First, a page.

N: Your character functions as a kind of black-clad angel of death. In some ways it almost makes the film feel like a spiritual sequel to World’s End, since that’s how you wound up in that movie — as a post-apocalyptic badass. Were you looking for that kind of role? After Hector and the Search for Happiness did you want something very different?
SP: Yeah, I did. [Laughs.] I looked at the role and I thought it would be fun to play somebody who was very, very different from most of the stuff I’ve done before. Charlie’s like a strange invader. He’s not from there. He’s very incongruous. He doesn’t make any effort to blend in or be kind of stealthy. He’s obviously read a book about hit men and thought, “Alright, I’m gonna be like that guy.” He’s kind of like the grim reaper really. Just his sort of audaciousness and lack of subtlety I thought was really fun. It’s always a challenge when you play a character like that to make him kind of likable and enjoyable. It’s almost like a method device, to employ somebody who’s known for comedy to play somebody bad. Because you’re always gonna be half expecting them to make you laugh, which is quite a clever device. Which Kriv was aware of when he employed me for this.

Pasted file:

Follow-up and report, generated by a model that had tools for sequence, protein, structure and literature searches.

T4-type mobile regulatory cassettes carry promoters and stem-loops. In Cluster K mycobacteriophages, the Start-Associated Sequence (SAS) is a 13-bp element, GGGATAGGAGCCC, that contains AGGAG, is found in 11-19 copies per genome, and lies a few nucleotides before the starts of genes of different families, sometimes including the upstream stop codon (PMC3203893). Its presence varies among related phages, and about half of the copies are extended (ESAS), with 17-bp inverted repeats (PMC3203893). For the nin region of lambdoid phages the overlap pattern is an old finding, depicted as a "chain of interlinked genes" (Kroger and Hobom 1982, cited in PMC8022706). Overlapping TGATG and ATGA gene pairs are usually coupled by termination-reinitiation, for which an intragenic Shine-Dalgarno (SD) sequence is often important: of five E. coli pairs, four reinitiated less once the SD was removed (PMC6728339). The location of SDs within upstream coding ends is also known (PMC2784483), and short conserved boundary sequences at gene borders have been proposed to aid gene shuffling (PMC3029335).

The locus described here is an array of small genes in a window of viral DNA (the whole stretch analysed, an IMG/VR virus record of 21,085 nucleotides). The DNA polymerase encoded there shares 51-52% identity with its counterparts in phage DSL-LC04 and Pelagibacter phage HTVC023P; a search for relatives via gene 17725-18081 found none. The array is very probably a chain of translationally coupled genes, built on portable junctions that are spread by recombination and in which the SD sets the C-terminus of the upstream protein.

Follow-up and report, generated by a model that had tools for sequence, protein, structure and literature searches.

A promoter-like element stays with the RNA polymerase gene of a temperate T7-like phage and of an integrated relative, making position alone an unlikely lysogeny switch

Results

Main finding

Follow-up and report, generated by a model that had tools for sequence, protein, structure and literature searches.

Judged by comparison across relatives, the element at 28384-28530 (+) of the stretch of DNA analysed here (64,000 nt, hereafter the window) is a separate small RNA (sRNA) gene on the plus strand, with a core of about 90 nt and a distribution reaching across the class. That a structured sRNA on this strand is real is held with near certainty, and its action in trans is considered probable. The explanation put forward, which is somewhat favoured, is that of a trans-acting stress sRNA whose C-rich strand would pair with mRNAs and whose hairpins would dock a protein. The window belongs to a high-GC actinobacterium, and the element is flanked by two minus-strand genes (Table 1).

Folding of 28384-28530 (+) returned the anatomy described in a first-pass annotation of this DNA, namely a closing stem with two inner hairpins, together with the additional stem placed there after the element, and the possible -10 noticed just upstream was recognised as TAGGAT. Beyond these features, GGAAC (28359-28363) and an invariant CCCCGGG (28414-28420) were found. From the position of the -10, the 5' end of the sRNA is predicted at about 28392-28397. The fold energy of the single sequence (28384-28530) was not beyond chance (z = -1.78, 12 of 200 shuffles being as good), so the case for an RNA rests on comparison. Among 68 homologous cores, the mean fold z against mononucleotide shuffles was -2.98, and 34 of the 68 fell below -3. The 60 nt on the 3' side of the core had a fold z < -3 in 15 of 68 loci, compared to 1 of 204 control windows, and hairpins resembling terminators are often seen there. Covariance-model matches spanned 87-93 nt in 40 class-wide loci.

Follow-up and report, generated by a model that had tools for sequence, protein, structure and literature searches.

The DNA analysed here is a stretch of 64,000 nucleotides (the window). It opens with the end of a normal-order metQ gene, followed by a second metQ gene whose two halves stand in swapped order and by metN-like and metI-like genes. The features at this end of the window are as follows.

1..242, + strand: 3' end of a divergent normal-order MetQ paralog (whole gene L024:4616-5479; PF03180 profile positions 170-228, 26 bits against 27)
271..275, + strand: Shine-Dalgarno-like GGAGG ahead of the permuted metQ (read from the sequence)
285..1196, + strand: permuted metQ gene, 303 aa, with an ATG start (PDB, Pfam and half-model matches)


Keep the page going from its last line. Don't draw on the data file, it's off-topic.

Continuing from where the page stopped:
N: Since you’re known for having an encyclopedic knowledge of pop culture, did you find inspiration in any past screen hit men?
SP: Yeah, I saw him as a cross between Martin Blank in Grosse Point Blank and Leon in The Professional and a variety of other on-screen hit men. Just that sort of very suave, very cool, very methodical, incredibly amoral, super precise… I’d actually worked with Jean Reno that year, and talked to him a little bit about The Professional, or Leon, as it was called in Europe. I rewatched that film as well because I liked the way he plays a slight vulnerability. Which I don’t think Charlie has. Charlie is a complete f***ing killing machine. [Laughs.]
Kriv is very much a film nerd as well, and it was great to chat with him about his approach to the movie in terms of what’s gone before. It’s a film that wears it’s references on its sleeve, and that’s part of the joy of watching it I think.